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  • jessica moritz

women in the arts

Updated: Apr 2

This time of the year has come: women history month.

Let's see what metrics tell us about the situation, looking at the different subjects regarding the Art Market in different continents and how women have space to work and succeed-or not.


let's have a look on the Art side so we can see many articles and data related to women, it can be to highlight women in history, raise awareness, educate also but mostly to talk about women and hopefully give guidance to "becoming women " or younger generation to have a better perspective.


First article i found related to the subject according to research and Seo:


Do Women Dealers Represent More Women Artists?

written by Kim Hart and Anna Louie Sussman, december 2017

On Artsy, read full article here



These metrics will first explain the different issues that we have to take in consideration about the Art Market and the different actors that make the scene more or less active.


Some lines from the article that give food for thoughts as they say.



Dealers rarely, if ever, cite gender (or ethnicity, or nationality, or any other marker of identity) as a factor in deciding to represent an artist. That notion is almost universally rejected; it’s always and inevitably about “the strength of the work.”


after Reading this article from 2017, what did i learn ?

The Art market is still managed mainly by white men and the stigma over women potentially becoming mother in their career can have a negative impact in your career.


Women Art dealer, women curator, women art advisor, women editor, women gallery owner, women collector, these are the keys to the future of women in the Arts.

We need to look at the bigger picture to build a better parity in the Arts.





Second Article: Why Is Work by Female Artists Still Valued Less Than Work by Male Artists?

written by Taylor Whitten Brown, Mars 2019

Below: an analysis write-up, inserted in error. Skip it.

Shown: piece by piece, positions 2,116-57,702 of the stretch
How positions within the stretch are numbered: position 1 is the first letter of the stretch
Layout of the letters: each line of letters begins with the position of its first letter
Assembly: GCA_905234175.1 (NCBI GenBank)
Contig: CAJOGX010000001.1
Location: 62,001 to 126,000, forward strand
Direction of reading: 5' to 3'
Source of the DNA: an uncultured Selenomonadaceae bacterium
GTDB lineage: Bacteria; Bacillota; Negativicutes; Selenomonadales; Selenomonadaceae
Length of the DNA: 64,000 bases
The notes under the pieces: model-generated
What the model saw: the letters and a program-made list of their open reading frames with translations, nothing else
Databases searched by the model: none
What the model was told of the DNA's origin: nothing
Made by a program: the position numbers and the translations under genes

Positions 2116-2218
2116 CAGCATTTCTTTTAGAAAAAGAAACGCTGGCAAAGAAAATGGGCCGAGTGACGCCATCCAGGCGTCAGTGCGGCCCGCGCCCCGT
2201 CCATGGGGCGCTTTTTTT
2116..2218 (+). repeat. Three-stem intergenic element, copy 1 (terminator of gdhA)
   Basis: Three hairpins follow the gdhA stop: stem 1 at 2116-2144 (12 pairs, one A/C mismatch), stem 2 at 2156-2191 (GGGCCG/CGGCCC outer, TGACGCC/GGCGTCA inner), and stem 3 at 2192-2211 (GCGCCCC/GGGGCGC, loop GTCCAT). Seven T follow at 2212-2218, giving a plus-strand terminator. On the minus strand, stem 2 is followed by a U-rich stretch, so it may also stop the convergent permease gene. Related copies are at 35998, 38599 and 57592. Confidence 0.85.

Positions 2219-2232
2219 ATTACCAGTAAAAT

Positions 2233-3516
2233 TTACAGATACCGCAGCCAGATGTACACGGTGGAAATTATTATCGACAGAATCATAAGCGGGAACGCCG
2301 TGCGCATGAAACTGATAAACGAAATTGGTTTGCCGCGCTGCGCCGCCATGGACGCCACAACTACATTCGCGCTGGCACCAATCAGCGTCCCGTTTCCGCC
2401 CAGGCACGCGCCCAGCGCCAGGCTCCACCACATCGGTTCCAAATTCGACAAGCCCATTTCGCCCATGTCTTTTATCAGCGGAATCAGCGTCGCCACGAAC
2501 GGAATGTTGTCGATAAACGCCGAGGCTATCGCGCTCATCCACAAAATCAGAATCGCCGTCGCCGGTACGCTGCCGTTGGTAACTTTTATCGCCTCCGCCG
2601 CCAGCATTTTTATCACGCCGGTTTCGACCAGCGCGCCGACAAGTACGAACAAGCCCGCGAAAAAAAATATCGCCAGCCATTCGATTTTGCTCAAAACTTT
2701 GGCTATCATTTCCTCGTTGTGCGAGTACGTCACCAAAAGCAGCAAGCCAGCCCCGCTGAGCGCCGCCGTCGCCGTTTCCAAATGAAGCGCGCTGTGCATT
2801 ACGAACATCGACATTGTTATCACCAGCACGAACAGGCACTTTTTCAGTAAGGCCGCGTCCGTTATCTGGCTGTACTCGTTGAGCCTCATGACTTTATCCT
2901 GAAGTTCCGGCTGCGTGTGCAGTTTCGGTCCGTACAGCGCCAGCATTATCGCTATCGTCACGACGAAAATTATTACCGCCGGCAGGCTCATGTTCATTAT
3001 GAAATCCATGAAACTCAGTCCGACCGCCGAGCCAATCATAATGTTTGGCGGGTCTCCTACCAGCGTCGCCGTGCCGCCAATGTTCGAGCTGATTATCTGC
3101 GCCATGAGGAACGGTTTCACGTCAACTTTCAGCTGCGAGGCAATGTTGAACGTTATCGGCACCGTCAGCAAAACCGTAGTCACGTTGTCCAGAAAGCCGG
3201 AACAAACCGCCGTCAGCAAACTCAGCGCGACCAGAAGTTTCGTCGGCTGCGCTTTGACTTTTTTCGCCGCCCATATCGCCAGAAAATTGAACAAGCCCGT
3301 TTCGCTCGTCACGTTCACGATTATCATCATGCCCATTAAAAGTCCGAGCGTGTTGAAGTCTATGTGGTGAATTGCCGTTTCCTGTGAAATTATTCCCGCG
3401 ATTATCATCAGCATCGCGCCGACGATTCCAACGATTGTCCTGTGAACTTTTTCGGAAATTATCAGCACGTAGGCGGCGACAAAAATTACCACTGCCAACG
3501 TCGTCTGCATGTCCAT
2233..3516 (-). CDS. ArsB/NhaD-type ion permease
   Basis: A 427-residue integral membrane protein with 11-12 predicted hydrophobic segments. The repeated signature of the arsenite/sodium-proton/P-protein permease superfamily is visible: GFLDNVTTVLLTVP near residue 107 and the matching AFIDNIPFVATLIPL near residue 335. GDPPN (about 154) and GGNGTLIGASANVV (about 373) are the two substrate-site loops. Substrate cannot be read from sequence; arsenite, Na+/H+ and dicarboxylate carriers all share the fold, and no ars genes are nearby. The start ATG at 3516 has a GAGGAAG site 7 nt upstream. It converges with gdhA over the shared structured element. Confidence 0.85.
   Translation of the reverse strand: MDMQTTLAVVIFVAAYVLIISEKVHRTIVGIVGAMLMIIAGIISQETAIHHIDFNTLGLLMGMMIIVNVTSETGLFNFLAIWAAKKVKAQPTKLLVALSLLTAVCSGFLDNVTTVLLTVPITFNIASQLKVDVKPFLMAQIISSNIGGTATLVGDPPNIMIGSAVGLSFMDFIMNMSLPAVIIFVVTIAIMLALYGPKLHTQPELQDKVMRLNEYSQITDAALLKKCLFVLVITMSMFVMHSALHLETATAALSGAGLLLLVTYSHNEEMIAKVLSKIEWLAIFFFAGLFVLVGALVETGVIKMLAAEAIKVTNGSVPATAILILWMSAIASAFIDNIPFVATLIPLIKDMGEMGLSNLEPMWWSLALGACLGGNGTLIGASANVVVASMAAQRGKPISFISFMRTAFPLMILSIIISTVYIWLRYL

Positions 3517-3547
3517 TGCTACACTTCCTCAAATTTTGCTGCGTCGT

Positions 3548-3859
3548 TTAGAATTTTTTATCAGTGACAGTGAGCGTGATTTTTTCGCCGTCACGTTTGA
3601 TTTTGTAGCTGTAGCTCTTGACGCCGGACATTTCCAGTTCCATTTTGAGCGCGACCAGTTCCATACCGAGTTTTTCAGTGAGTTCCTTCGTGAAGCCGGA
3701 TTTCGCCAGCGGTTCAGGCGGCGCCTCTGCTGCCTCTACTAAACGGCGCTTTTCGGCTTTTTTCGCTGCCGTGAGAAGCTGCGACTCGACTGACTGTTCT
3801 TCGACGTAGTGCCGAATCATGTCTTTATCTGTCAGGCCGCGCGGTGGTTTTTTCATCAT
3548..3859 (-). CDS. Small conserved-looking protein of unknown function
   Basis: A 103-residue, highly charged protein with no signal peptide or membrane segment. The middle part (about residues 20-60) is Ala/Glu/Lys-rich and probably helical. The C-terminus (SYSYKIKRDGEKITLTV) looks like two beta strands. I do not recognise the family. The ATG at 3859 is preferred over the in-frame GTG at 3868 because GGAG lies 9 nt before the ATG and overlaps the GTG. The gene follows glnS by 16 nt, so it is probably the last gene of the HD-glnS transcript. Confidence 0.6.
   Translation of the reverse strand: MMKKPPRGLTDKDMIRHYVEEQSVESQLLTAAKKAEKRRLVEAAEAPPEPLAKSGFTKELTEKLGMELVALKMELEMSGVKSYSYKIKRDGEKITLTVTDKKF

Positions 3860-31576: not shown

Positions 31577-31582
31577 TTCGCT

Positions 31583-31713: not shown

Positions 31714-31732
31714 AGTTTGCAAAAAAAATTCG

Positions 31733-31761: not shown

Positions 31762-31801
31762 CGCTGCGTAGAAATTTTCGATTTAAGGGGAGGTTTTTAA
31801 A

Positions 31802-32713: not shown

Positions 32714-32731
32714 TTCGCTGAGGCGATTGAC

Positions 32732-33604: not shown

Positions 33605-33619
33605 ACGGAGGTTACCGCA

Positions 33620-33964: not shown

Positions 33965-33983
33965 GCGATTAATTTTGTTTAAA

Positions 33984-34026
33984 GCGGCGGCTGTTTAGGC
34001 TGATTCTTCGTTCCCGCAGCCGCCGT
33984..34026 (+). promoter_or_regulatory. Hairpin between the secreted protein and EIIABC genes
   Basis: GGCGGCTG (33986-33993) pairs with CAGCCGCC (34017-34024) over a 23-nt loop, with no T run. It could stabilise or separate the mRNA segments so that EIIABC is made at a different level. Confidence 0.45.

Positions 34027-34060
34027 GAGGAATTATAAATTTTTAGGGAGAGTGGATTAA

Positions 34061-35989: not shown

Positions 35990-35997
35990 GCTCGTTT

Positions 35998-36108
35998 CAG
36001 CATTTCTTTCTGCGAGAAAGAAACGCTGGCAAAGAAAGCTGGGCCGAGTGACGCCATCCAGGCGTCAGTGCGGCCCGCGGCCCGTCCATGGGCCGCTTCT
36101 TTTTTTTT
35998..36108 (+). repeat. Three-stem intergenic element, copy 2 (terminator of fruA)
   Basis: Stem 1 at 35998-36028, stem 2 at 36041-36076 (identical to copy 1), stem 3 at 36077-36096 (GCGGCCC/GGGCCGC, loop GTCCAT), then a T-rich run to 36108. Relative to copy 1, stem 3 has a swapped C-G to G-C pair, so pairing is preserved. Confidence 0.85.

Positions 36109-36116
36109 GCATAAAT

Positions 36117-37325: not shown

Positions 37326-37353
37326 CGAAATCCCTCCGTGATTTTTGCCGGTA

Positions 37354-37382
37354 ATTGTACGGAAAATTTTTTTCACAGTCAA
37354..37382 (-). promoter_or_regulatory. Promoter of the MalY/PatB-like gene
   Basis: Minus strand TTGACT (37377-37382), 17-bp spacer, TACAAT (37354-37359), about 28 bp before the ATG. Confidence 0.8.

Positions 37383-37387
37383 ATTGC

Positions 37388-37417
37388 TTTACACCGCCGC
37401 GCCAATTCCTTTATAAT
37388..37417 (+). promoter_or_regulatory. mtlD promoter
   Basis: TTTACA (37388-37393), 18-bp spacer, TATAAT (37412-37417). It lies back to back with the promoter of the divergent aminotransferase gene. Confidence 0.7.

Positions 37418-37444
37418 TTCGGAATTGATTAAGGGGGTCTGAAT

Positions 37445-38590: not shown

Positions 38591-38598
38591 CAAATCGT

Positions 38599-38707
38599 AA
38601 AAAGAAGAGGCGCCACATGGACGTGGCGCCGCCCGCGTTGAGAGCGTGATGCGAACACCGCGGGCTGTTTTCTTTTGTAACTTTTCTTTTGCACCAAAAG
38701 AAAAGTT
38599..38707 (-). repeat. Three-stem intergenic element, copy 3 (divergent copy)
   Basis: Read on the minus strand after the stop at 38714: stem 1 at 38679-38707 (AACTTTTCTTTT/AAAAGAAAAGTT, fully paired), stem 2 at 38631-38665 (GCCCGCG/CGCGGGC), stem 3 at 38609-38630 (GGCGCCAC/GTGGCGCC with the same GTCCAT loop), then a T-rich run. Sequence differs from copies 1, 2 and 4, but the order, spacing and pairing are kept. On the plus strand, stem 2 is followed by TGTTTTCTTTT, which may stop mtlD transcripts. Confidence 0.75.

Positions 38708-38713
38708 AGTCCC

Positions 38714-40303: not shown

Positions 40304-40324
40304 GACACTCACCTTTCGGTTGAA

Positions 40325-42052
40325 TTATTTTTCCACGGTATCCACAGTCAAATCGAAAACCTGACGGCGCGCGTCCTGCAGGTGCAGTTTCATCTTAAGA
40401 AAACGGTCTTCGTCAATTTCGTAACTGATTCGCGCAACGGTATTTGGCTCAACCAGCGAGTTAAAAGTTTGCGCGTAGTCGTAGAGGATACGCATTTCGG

On Artsy, read full article here



So this article is very interesting because it clearly address the big questions such as parity in the Art field, theories of difference and historical context that we can read the situation with facts and statistics.


what to have in mind while reading any article about this subject is that we all have different background, education, and cultural norm that influence us and the market.


Ask question around you and you will understand it from your perspective.

Chose 5 different people, ask them which Artist made them discover Art, which Artist they enjoy the most?

Which artist they would buy?

According to their answer you will have a preview of their opinions and postions regarding women in the Arts.

This is not a test with good and bad answers. The Art Market is not that simple. According to your education, your cultural background, and influence you will -without being conscious - answer with male artist, or male influenced answer because you don't have the different keys to understand that you can chose differently.


About Data and analysis of the Market

third article: Methodology: How We Gathered and Analyzed Our Data on Women in the Art world

written by Julia Halperin & Charlotte Burns

On Artnet, read full Article here

this article is very specific about the data involved and what is collected.

It leads to other articles that develop and analyze these statistics and allow us to have a better reading of the situation meaning the Us Art market from 2008 to 2018.

So let's read between the lines, and see what has improved and what can be done.


facts: Just 11 percent of all acquisitions and 14 percent of exhibitions at 26 prominent American museums over the past decade were of work by female artists. According to a joint investigation by artnet News and In Other Words, a total of 260,470 works of art have entered the museums’ permanent collections since 2008. Only 29,247 were by women.


Did you ever notice while visiting museum or gallery this gap?

11% is such a small number when you understand the size of the market and the money involved.

if you go deeper and talk about women of color in the Arts (Woca) it's even worst.

Something to have in mind while looking at all these numbers; sometimes exhibitions are curated and selected according to the curator and museum or gallery decision;

But think about the donation, the private collection, and gifts.

Having an art collection and sharing it is amazing but the impact on gender equality is like a a silent move.

Next time you are in a museum, look at the different actors of the exhibitions: curators, donors, collections, and if the artworks are owned by the museum or private collections, and list the genders, you'll understand fast that it's mainly male dominated.


Taking another statistic to look at with different perspective

(Courtesy of artnet News and In Other Words at Art Agency, Partners)


Yayoi Kusama, born in 1929, Japan

Louise bourgeois, born in 1911, France

Shinique Smith born in 1971,USA

Catherine Opie born in 1961, USA

Kara Walker born in 1969, USA

Janet Cardiff born in 1957, Canada

Rineke Dijkstra born in 1959, Netherland

Carrie Mae Weems born in 1953, USA